Mar 15, 2008

STATE REGULATION : Contractual Provisions in Group Insurance & Benefit Limitations

Contractual Provisions in Group Insurance
Through its insurance laws, every state provides for the regulation of contractual provisions. In many instances, certain contractual provisions must be included in group insurance policies. These mandatory provisions may be altered only if they result in more favorable treatment of the policyholder. Such provisions tend to be most uniform from state to state in the area of group life insurance, primarily because of the widespread adoption of the NAIC model bill pertaining to group life insurance standard provisions. As a result of state regulation, coupled with industry practices, the provisions of most group life and health insurance policies are relatively uniform from company to company. In most instances, an insurance company's policy forms can be used in all states. However, riders may be necessary to bring certain provisions into compliance with the regulations of some states.

Traditionally, the regulation of contractual provisions has focused on provisions pertaining to such factors as the grace period, conversion, and incontestability rather than on factors pertaining to the types or levels of benefits. These latter provisions have been a matter between the policyholder and the insurance company. However, in recent years this has changed in many states. In some states, certain benefits—such as well-baby care and treatment for alcoholism or drug abuse—must be included in any group insurance contract; in other states, they must be offered to group policyholders as optional benefits. Still other state laws and regulations specify minimum levels for certain benefits if those benefits are included.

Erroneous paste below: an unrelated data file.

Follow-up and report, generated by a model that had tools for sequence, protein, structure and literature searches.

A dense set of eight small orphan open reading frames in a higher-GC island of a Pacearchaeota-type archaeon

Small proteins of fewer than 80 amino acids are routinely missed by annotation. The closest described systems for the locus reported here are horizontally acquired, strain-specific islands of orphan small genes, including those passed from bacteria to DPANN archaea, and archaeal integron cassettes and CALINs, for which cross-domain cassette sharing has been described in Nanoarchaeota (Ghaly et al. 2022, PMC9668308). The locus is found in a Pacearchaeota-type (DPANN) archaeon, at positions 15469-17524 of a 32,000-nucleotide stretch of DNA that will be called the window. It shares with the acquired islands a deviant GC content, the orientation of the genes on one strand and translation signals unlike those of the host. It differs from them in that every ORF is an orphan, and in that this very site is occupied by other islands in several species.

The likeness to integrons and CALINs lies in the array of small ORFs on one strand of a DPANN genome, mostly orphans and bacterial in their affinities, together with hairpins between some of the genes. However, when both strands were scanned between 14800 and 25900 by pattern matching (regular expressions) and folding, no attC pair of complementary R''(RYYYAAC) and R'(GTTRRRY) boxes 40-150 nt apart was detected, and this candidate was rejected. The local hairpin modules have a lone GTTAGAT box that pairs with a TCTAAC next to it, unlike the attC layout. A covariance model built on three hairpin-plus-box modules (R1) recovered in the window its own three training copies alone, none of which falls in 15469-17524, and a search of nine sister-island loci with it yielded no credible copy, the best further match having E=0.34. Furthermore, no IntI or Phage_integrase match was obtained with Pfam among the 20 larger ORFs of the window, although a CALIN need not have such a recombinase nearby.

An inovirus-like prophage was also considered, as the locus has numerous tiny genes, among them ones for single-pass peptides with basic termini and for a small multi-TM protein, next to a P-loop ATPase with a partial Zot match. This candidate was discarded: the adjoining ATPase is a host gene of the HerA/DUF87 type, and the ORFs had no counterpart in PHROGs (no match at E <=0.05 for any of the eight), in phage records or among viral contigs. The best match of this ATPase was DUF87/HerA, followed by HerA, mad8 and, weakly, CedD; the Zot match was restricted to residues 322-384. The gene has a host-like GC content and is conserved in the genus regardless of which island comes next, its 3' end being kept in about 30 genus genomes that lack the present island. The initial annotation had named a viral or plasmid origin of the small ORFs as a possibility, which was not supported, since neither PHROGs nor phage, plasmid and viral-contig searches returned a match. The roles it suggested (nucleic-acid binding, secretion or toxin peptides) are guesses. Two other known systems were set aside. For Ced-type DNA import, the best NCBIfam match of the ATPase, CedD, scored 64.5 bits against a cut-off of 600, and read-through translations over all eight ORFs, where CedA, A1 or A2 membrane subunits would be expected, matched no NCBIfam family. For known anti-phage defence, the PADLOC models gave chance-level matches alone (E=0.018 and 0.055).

It is interesting to note that, with few exceptions, the regulation of contractual provisions affects only those employee benefit plans funded with insurance contracts. This is because provisions of ERISA seem to exempt employee benefit plans from most types of state regulation. However, there are exceptions to this exemption; these include insurance regulation and therefore the provisions in insurance contracts. As a result of this ERISA exemption, states have few laws and regulations applying to the provisions of uninsured benefit plans. However, ERISA does not exempt uninsured plans from state regulation in such areas as age and sex discrimination, and laws pertaining to these areas commonly apply to all benefit plans. A few states are also trying to mandate other types of benefits for uninsured plans, and ultimately the issue will probably have to be settled by Congress or the Supreme Court.

Benefit Limitations
Statutory limitations may be imposed on the level of benefits that can be provided under group insurance contracts issued to certain types of eligible groups. With the exception of group life insurance, these limitations rarely apply in situations involving an employer-employee relationship. In the past, most states limited the amount of group life insurance that could be provided by an employer to an employee. Today, only Texas still has such a restriction, but its limit is so high that the limit has little practical effect. However, several states limit the amount of coverage that can be provided under contracts issued to groups other than individual employer groups. In addition, some states limit the amount of life insurance coverage that may be provided for dependents.


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